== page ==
Traditionally, flooding in the South Oropouche River Basin (SORB) from high intensity, short duration storms occur about ten times each year. However, in the last five years, basin-wide floods with high water depths, taking several days to subside, have been occurring almost annually. These floods cause major disruption to the productive sector and the populated centers, and frequently result in loss of personal property. Losses are estimated at between USD 19 – 36 million per year at the country level, depending on the climate scenario.
Climate change will exacerbate the problems that currently exist in the basin, with the confluence of various economic activities in the same territory (agriculture, fishing, commercial, oil and gas production), the poor condition of the drainage systems, and the pressures of major urban growth in the area in recent years. The riverine system is especially susceptible to the effects of climate change, including the threats of saline intrusion which affects both flora and fauna.
The SORB area has been prioritized by the country because of the chronic flooding issues that occur even in periods of moderate rainfall, it is a region of high population density and agricultural and commercial activity, and thus disruption and economic losses are significant.
This project aims to increase the resilience of the South Oropouche River Basin’s population and ecosystems to flooding, sea level rise and expected increasing water deficit events. The proposed activities will strengthen territorial planning and risk management, will promote investments for enhancing water infrastructure, EbA measures in vulnerable and coastal ecosystems, increase the adaptive capacity of vulnerable farmers and fisherfolk to diversify and strengthened their livelihoods, and raise awareness, build capacities, and mobilize the stakeholders of the SORB towards climate change resilient actions that account for gender justice.
The expected total number of beneficiaries sums up to 197,540 beneficiaries, since some of the expected investments such as the expanded hydrometeorological information network and improved flood emergency response plans, which will incorporate the information of developed flood risks maps will indirectly benefit the whole basin population. In terms of direct support to increase adaptation capacities with direct adaptation concrete solutions or capacity building, the Project will reach 9,758 community members, being 50,1% women. Furthermore 679 people will avoid a decrease in income due to the diversified livelihood options supported by the Project. Additionally with the intervention 175 ha. of key coastal and wetland ecosystems in the Godineau Swamp will be rehabilitated coupled with 17.5 ha which will be improved due to sustainable production practices.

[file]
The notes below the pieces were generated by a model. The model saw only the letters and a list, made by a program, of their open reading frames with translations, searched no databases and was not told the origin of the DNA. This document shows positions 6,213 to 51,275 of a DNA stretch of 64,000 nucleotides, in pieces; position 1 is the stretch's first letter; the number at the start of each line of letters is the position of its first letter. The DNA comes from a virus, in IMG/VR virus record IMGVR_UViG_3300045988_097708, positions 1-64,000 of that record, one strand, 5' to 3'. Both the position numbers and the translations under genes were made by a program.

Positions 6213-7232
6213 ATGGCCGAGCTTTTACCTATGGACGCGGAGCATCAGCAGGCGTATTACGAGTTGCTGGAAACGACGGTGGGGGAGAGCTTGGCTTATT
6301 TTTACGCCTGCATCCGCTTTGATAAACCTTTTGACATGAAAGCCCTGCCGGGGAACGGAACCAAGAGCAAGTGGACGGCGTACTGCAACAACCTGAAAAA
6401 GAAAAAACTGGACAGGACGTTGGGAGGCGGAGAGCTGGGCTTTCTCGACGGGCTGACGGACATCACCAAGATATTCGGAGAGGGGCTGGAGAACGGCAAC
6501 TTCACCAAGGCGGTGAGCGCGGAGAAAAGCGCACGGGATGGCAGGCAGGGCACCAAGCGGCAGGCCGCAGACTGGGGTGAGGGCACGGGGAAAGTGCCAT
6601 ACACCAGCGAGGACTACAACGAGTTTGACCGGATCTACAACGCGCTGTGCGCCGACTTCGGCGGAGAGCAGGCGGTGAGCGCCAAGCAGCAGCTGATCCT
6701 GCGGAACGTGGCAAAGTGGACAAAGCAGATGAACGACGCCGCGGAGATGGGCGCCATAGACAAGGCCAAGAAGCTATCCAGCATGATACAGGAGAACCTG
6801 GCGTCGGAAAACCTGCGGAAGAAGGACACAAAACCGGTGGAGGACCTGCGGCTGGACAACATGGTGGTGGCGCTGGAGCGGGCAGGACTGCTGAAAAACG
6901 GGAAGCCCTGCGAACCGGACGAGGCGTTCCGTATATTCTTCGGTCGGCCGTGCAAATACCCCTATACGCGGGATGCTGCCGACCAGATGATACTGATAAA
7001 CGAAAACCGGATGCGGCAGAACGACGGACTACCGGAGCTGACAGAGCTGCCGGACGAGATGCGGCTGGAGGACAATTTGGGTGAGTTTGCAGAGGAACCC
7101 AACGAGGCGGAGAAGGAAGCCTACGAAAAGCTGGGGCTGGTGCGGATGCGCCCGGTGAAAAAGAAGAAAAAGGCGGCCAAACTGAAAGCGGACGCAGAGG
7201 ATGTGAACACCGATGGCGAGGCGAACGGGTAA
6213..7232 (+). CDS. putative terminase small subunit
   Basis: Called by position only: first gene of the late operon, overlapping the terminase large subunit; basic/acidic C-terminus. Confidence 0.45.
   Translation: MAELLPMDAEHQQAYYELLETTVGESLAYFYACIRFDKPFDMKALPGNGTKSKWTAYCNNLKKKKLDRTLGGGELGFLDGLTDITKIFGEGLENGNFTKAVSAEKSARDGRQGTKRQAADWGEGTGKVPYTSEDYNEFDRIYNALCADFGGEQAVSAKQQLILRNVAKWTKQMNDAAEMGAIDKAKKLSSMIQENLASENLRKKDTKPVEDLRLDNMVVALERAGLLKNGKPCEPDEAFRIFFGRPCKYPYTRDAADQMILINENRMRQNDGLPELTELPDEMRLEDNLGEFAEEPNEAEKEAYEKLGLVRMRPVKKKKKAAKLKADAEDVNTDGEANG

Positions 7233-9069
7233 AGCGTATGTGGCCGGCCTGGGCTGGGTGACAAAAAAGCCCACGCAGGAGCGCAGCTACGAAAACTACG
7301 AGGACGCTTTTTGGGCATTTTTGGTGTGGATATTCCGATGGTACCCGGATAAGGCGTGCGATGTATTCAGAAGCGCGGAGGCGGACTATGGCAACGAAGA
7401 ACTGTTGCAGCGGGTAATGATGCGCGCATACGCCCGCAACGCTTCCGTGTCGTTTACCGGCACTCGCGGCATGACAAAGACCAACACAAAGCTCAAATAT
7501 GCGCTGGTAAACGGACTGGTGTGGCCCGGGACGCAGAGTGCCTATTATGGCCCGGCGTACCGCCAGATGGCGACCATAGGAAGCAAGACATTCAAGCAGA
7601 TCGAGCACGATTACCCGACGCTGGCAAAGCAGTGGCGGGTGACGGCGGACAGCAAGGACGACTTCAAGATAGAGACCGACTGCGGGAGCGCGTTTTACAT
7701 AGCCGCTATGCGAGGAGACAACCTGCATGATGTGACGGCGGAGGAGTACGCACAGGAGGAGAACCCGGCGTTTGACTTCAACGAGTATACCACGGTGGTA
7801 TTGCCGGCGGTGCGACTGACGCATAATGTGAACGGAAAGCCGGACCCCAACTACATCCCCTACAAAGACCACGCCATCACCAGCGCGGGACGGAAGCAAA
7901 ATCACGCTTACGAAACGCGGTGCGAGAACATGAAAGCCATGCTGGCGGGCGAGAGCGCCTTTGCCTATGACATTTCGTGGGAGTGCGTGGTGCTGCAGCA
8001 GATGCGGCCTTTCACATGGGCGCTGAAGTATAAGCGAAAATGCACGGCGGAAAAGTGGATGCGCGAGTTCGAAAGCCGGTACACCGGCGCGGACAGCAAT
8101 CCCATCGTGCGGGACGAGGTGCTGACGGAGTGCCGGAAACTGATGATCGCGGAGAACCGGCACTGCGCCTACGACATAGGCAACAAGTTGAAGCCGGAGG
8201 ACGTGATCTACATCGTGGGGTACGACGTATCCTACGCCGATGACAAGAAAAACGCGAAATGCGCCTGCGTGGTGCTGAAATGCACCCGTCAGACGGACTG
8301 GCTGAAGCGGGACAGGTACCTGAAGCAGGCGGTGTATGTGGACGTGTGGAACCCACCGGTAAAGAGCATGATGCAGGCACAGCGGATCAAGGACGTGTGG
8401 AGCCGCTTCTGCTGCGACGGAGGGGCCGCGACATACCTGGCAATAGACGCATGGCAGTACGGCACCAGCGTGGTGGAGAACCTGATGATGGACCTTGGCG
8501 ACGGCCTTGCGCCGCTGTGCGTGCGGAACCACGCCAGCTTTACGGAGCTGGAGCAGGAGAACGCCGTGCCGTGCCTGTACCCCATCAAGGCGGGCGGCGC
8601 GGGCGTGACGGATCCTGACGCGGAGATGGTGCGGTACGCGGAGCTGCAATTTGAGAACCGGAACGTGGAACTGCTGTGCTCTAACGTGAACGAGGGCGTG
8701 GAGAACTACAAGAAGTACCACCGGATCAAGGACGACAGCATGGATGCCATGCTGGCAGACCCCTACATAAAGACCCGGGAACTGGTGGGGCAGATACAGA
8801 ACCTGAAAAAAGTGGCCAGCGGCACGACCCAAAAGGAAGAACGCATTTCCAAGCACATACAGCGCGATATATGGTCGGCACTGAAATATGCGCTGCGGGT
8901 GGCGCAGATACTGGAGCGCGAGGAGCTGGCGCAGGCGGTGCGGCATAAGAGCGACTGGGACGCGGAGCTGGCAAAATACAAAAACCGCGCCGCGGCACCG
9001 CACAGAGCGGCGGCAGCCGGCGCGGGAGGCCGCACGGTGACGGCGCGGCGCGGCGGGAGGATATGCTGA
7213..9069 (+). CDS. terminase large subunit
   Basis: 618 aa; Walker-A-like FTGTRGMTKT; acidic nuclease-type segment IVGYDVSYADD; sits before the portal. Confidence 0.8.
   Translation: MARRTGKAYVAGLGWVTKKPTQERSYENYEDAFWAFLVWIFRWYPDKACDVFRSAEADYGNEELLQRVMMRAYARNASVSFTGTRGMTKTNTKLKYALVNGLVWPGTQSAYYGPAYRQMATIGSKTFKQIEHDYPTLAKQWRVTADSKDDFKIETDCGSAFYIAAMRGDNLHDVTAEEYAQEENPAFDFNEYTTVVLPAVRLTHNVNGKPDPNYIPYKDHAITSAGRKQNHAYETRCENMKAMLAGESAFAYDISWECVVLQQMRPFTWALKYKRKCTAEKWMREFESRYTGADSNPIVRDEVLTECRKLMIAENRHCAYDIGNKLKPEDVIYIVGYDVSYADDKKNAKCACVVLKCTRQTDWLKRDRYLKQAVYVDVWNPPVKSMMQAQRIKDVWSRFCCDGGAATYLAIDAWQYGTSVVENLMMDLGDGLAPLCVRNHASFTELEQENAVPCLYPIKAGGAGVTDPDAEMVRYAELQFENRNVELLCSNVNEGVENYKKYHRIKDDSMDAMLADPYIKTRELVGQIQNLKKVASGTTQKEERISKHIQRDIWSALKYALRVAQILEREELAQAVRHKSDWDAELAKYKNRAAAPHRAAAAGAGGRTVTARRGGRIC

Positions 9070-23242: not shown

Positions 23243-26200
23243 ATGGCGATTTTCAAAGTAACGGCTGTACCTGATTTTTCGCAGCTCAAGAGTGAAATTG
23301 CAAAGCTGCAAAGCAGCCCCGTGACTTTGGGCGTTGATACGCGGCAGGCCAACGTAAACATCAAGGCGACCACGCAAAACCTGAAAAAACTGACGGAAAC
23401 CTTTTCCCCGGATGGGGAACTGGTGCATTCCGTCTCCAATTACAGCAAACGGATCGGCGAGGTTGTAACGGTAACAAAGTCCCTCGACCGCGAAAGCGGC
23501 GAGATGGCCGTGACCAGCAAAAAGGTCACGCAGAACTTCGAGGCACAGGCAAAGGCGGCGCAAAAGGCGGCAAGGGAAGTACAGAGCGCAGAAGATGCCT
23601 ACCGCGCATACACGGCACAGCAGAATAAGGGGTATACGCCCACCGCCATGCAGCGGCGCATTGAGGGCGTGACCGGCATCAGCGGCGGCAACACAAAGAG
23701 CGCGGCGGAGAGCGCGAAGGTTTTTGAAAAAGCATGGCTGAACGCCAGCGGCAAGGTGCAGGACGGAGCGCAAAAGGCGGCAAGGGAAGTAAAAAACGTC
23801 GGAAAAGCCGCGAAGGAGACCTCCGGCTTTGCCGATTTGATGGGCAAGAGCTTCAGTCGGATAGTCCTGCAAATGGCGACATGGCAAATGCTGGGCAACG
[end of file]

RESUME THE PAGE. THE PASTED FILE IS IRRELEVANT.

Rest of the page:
|Project Component 1: Strengthening of Territorial Planning and Risk Management||US$ 2,232,00|
|Project Component 2: Green and grey infrastructure enhanced to increase resilience to floods and droughts||US$ 3,425,137|
|Project Component 3: Vulnerable coastal and wetland ecosystems of the SORB enhanced||US$ 1,440,675|
|Project Component 4: Increase adaptation capacity and diversify livelihoods of vulnerable farmers and fishers to respond to increased climate risks||US$ 975,270|
|Project Component 5: Stakeholders of the SORB have built their capacities and are aware of climate risks||US$ 285,900|
|Project execution cost||US$ 857,608|
|Total project cost||US$ 9,216,590|
|CAF Project Cycle Management Fee||US$ 783,410|
|Grant Amount||US$ 10,000,000|
|Project concept||4 MB|
|Project document||6 MB|